The obvious implication is noted in the Barenreiter introduction: "Whether Casella ultimately adhered to Ravel's notes in correcting the proofs or made changes of his own can no longer be determined today" (pp. ix-x), while Peter Jost, in the Henle preface. observes, "It remains unclear whether, and/or to what extent, Casella observed Ravel's above-mentioned remarks, since they, like the proofs, have been lost" (p. v). In his comments, Jost concludes: "As mentioned in the Preface, Ravel was unable to supervise the publication of his Trio himself, but entrusted Alfredo. Casella with the task," adding that the first edition's changes "presumably derive from the experiences of the musicians in rehearsals and in the first performance" (p. 50)--which Casella reported as having, been marred by some "blunders" from the "mediocre" string players, Gabriel Willaume and Louis Feuillard (Music in My Time, 122).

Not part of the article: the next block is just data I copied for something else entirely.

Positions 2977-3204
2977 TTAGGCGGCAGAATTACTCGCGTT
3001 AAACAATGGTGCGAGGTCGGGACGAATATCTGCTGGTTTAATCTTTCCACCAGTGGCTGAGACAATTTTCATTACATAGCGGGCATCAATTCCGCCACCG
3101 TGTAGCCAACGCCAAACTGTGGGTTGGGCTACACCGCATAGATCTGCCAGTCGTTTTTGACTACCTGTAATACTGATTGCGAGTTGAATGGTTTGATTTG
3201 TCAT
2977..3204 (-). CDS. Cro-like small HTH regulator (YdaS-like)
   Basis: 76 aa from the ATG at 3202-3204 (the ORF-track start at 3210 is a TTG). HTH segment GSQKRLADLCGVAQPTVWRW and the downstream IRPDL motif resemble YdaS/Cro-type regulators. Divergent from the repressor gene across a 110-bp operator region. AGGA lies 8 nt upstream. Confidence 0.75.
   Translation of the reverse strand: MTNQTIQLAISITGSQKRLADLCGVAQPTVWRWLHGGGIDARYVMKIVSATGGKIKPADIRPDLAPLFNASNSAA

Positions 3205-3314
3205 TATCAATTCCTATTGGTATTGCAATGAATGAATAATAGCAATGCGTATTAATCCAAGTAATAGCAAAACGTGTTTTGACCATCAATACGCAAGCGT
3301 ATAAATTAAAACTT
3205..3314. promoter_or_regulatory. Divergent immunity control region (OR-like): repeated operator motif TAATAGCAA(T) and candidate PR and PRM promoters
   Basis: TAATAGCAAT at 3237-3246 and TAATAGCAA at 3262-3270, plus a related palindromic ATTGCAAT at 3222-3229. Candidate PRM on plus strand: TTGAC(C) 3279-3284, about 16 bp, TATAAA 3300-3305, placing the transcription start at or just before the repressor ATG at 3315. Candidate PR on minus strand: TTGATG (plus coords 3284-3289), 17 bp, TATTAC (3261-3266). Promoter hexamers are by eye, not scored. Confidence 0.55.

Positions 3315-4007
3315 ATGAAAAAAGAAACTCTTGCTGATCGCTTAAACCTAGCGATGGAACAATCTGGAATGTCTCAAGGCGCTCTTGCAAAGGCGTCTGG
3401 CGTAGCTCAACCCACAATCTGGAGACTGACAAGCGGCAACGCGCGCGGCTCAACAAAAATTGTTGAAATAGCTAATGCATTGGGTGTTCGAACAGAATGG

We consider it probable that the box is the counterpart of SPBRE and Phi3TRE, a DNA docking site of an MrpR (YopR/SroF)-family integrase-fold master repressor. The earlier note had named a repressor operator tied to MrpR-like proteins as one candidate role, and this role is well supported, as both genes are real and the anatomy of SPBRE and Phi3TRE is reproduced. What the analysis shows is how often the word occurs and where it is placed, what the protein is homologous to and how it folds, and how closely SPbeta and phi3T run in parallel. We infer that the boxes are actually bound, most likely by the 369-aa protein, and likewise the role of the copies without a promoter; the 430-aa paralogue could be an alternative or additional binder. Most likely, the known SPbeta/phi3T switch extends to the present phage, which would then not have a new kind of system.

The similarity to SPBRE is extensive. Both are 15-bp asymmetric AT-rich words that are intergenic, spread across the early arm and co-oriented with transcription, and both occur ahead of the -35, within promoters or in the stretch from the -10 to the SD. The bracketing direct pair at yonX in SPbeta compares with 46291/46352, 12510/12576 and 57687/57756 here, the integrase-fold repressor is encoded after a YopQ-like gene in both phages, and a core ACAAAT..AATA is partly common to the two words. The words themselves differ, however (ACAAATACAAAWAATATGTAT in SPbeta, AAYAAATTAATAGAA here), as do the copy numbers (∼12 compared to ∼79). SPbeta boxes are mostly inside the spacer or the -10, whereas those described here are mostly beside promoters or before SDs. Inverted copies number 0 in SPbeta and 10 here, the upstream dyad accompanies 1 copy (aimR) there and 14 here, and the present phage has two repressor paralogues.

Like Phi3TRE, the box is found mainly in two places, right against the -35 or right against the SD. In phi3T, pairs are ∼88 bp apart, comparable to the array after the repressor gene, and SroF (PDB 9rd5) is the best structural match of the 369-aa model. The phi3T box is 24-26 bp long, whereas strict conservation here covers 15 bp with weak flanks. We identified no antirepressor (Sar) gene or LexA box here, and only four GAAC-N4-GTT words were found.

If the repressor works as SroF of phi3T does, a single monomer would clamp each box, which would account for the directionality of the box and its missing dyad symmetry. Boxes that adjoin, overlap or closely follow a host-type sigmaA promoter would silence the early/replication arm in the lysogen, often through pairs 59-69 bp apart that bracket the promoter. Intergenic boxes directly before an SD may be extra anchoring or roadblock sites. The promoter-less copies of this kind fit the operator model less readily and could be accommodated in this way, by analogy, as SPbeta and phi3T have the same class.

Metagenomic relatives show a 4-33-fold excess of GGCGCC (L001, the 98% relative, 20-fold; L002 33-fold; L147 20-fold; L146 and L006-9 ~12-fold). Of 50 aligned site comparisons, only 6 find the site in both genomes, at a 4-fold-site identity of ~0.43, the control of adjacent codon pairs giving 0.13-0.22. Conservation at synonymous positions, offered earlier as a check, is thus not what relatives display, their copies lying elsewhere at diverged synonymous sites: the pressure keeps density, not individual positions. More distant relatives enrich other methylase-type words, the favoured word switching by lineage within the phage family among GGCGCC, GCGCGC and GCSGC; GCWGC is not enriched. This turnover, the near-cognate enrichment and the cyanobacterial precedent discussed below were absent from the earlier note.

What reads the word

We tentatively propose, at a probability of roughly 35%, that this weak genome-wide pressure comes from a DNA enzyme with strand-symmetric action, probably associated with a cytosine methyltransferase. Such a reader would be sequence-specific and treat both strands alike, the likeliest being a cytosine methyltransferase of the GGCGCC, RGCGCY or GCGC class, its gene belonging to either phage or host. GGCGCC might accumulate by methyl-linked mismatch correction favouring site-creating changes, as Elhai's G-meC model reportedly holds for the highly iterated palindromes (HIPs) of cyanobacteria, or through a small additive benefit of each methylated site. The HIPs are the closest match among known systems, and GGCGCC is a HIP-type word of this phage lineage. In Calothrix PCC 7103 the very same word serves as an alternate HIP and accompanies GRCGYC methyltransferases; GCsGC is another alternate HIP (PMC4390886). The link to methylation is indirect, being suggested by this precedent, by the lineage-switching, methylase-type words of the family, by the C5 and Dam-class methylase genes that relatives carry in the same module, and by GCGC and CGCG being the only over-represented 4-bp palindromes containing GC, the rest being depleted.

This procedure could immediately be justified by prominently labeling both editions "1914 manuscript version "--a matter of importance to performers, since the variants render the editions incompatible in rehearsal or performance with the established Durand score or parts. Since neither edition does so, responsibility must weigh on them to establish an adequate case against the first edition, given the serious risk (should their surmise be wrong) of losing the crucial final stratum of composer's corrections and revisions in a major repertoire work. The hazards are well illustrated by a Wiener Urtext publication of Debussy's first book of Preludes (Michael Stegemann, ed. [Vienna: Wiener Urtext Edition, 1985]), which prioritized Debussy's manuscript over the first edition (Durand, 1910), undoing some substantial variants in the latter and flagging others as doubtful--unaware of a set of proofs in the Durand archives with annotations in Debussy's hand authenticating the first edition readings. For the present case, relevant data can be sought in four areas; Ravel's relations with Durand and Casella (along with what can be imputed from Casella's statements); Ravel's whereabouts and activity over the period in question; how the sources relate; and the musical and technical character of the variants themselves.